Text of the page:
Search Images Maps Play YouTube News Gmail Drive More »
Sign in
Screen reader users: click this link for accessible mode. Accessible mode has the same essential features but works better with your reader.

Patents

  1. Advanced Patent Search
Publication numberUS6007863 A
Publication typeGrant
Application numberUS 09/174,068
Publication dateDec 28, 1999
Filing dateOct 16, 1998
Priority dateOct 16, 1998
Fee statusLapsed
Also published asEP1121025A1, EP1121025A4, WO2000022944A1
Publication number09174068, 174068, US 6007863 A, US 6007863A, US-A-6007863, US6007863 A, US6007863A
InventorsEduardo E. Chenchin, Marc M. Nishimoto, Debra D. Abram, Samson T. Hsia
Original AssigneeMaui Pineapple Company, Ltd.
Export CitationBiBTeX, EndNote, RefMan
External Links: USPTO, USPTO Assignment, Espacenet
Process for preserving fresh pineapple
US 6007863 A
Abstract
A process for treating and storing freshly cut pineapple greatly enhances flavor and increases shelf life of the cut pineapple, maintaining the enhanced flavor. The freshly cut pineapple is first surface-disinfected. Its Brix and acid, and thus Brix/acid ratio, are measured or estimated. Then selection is made from batches of previously stored pineapple juice, which may be from a different season or different part of the same season. The juice is selected to have a Brix/acid ratio which counterbalances that of the fresh fruit, so that the combined fruit/juice has a Brix/acid ratio of around 19, or preferably in the range of about 16 to 23. The previously stored juice is from prior pineapple crops, varying from batch to batch in Brix/acid ratio, filtered and pasteurized, then frozen or maintained near freezing. The freshly cut fruit, preferably chilled to just above freezing, is immersed in the selected juice, which may be a blend of several batches, and is stored and shipped preferably close to freezing. The resulting fruit has a long shelf life and exhibits a very fresh and balanced flavor.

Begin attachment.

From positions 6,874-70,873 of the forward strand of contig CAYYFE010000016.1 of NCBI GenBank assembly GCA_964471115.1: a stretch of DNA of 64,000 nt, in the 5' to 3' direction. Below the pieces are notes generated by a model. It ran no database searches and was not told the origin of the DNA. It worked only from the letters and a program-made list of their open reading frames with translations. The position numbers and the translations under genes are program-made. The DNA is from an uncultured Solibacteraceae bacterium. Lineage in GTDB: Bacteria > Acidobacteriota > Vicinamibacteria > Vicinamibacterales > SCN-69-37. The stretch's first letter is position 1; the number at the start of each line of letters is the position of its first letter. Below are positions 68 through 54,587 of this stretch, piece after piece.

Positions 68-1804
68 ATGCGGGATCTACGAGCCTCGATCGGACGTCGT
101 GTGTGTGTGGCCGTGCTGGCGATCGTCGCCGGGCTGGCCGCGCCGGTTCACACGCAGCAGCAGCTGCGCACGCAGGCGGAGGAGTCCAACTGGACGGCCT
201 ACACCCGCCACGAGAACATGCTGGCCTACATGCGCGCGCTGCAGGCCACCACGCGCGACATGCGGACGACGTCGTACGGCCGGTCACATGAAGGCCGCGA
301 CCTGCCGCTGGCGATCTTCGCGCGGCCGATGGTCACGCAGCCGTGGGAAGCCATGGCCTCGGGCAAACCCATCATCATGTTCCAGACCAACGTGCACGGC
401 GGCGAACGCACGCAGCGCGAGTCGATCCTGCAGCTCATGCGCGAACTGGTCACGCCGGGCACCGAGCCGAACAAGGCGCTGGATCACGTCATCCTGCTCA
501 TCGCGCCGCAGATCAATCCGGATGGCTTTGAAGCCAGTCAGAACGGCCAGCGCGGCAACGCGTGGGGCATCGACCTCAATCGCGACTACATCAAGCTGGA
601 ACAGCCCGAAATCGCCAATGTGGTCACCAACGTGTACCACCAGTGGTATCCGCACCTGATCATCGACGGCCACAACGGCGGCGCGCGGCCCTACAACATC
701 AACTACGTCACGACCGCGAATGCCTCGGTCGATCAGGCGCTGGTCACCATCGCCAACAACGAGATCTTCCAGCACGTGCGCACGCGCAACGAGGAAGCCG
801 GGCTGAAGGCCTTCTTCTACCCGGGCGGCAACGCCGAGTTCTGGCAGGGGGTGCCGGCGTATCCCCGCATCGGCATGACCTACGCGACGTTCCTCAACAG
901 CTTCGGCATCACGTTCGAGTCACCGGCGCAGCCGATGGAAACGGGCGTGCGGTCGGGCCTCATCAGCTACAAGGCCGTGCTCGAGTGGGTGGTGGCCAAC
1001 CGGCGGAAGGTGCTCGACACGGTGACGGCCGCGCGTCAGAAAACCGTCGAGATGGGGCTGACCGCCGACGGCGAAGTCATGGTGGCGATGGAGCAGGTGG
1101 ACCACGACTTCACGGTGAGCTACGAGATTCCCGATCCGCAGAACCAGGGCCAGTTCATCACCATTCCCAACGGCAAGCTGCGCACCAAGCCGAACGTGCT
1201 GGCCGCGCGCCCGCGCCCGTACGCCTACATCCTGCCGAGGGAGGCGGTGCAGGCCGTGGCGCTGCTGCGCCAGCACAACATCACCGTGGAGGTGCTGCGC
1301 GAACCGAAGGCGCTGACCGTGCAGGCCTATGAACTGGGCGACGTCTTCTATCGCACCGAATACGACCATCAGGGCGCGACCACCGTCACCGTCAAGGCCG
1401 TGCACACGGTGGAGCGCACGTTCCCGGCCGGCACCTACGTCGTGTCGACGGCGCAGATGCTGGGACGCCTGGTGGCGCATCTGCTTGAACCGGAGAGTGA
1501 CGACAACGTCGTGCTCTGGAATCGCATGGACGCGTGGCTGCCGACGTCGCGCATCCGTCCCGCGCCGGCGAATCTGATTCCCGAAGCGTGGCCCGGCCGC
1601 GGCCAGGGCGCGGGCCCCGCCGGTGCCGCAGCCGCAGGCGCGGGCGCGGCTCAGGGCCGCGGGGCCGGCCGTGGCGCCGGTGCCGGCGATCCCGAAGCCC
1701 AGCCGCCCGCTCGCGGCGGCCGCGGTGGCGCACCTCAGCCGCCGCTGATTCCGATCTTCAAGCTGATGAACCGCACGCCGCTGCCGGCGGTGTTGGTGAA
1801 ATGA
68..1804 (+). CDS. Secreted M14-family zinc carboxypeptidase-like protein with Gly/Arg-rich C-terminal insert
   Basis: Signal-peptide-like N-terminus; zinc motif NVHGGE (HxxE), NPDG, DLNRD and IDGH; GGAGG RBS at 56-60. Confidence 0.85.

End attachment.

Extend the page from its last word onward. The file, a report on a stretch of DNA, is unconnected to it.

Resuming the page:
Images(2)
Previous page
Next page
Claims(12)
We claim:
1. A method for maintaining the freshness of freshly cut pineapple fruit, comprising:
during a pineapple growing year, collecting juice from harvested pineapples, in separate juice batches which vary in Brix/acid ratio, and pasteurizing the juice,
on harvesting a pineapple, cutting the pineapple and determining the Brix and acid of the pineapple and thus determining Brix/acid ratio for the pineapple,
selecting juice from at least one previously stored pineapple juice batch, to produce a juice with Brix/acid ratio which will tend to balance the Brix/acid ratio of the newly harvested pineapple such that the pineapple and juice when combined will have a combined Brix/acid ratio in a preselected range,